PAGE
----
The names Harry and Mary Alice Bellardini have an important meaning in Cortland and Homer, said Homer Village Mayor Darren “Hal” McCabe.
“When they were involved in something, they were really able to get more people involved,” he said Saturday as at least 60 cars and 100 people drove and walked by the Bellardini’s North Main Street home in Homer in a procession to share their appreciation as the couple moves to North Carolina today.
The couple, seated under a tent in front of their home, smiled, waved and talked to friends and acquaintances who drove by before the group marched up in front of them.
Mary Alice Bellardini, the village’s first woman mayor, was awarded a key to the village along with plaques from the village fire department, police department and the New York Conference of Mayors recognizing her time serving the village.
“I was absolutely thrilled with the event this morning,” Mary Alice Bellardini said to the gathering after receiving the gifts. “We’re going to miss you very much.”
Harry Bellardini took a more humorous tone when given the microphone.
“I just said to Father Paul (Alciati)” — of St. Margaret’s Cathloic church — “‘I can hear what you’re saying. It’s about time you get the hell out of here,’” he said, followed by a laugh from the crowd.
The couple, who lived in Homer for more than 50 years, involved themselves in many activities.
Mary Alice Bellardini was mayor from 1987 to 2001, said Linda Hartsock, an organizer of the procession. She began the weekly summer concerts on the Village Green, worked on many beautification and revitalization projects and helped catalogue more than 200 historic structures as part of Homer’s designation as the largest intact federal and state historic district in New York.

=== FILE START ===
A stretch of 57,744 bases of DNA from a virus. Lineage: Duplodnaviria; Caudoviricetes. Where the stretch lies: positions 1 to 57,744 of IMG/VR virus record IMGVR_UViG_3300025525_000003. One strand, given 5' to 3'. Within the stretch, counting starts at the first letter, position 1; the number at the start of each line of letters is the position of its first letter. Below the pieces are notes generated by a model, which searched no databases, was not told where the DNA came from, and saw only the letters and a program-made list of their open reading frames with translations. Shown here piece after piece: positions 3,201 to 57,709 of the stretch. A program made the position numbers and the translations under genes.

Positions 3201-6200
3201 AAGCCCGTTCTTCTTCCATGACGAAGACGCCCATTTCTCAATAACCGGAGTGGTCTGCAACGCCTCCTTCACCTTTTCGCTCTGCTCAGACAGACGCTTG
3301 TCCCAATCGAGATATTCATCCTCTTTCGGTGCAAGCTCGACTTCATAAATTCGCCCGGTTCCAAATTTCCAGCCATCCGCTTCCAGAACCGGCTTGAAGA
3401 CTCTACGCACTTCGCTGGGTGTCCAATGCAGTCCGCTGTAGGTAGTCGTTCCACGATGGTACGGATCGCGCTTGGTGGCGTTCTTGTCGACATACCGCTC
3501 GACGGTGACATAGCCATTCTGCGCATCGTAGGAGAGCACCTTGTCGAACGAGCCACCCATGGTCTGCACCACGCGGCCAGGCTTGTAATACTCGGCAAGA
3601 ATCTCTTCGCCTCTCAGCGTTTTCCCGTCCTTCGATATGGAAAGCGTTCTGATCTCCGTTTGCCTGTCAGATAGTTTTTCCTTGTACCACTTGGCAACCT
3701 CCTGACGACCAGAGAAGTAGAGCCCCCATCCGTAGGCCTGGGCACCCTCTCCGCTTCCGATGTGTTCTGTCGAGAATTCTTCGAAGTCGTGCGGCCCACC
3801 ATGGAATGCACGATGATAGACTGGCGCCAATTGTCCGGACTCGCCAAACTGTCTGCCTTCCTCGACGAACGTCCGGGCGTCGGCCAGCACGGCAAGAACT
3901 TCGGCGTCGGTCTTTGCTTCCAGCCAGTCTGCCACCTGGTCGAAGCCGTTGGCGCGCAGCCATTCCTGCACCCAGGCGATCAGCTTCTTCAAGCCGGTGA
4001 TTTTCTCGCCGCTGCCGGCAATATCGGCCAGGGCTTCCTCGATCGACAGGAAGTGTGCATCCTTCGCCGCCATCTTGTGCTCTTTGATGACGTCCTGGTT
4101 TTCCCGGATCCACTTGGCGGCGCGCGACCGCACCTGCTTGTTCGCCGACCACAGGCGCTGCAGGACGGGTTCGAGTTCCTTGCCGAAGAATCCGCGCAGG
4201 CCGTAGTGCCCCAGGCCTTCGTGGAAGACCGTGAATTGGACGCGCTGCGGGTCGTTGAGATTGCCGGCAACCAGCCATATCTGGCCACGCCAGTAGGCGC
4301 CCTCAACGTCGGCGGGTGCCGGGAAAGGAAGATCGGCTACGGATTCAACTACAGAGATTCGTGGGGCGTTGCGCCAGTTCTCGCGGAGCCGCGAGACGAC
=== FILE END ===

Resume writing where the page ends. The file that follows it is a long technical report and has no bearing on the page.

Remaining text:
She was elected president of the New York State Conference of Mayors in 1995 and appointed by Gov. George Pataki in 2000 to New York State’s Quality Communities Interagency Task Force.
She has also volunteered with the Homer Garden Club and the Center for the Arts of Homer.
Harry Bellardini was also very much involved in politics and education. He was an administrative assistant to Rep. Gary Lee in the former 33rd Congressional District from 1979 to 1983, was the chairman of the Cortland County Republican Party, a regional advocate for the U.S. Small Business Administration and a physical education teacher at the SUNY Cortland Campus School. He also helped develop the Lynne Parks ’68 SUNY Cortland Alumni House as the center for alumni life at the college.
Hartsock said that she helped to organize the event because it was important to recognize their contributions to the Homer and Cortland communities.
“This exceeded expectations,” Hartsock said. “It was wonderful. It was great to see such a community turnout in such appreciation for all that the Bellardinis have done for Cortland and Homer.”
McCabe said the couple will be missed.
“Everyone here is smiling but I know that everyone here is actually pretty sad because they are just so loved,” McCabe said.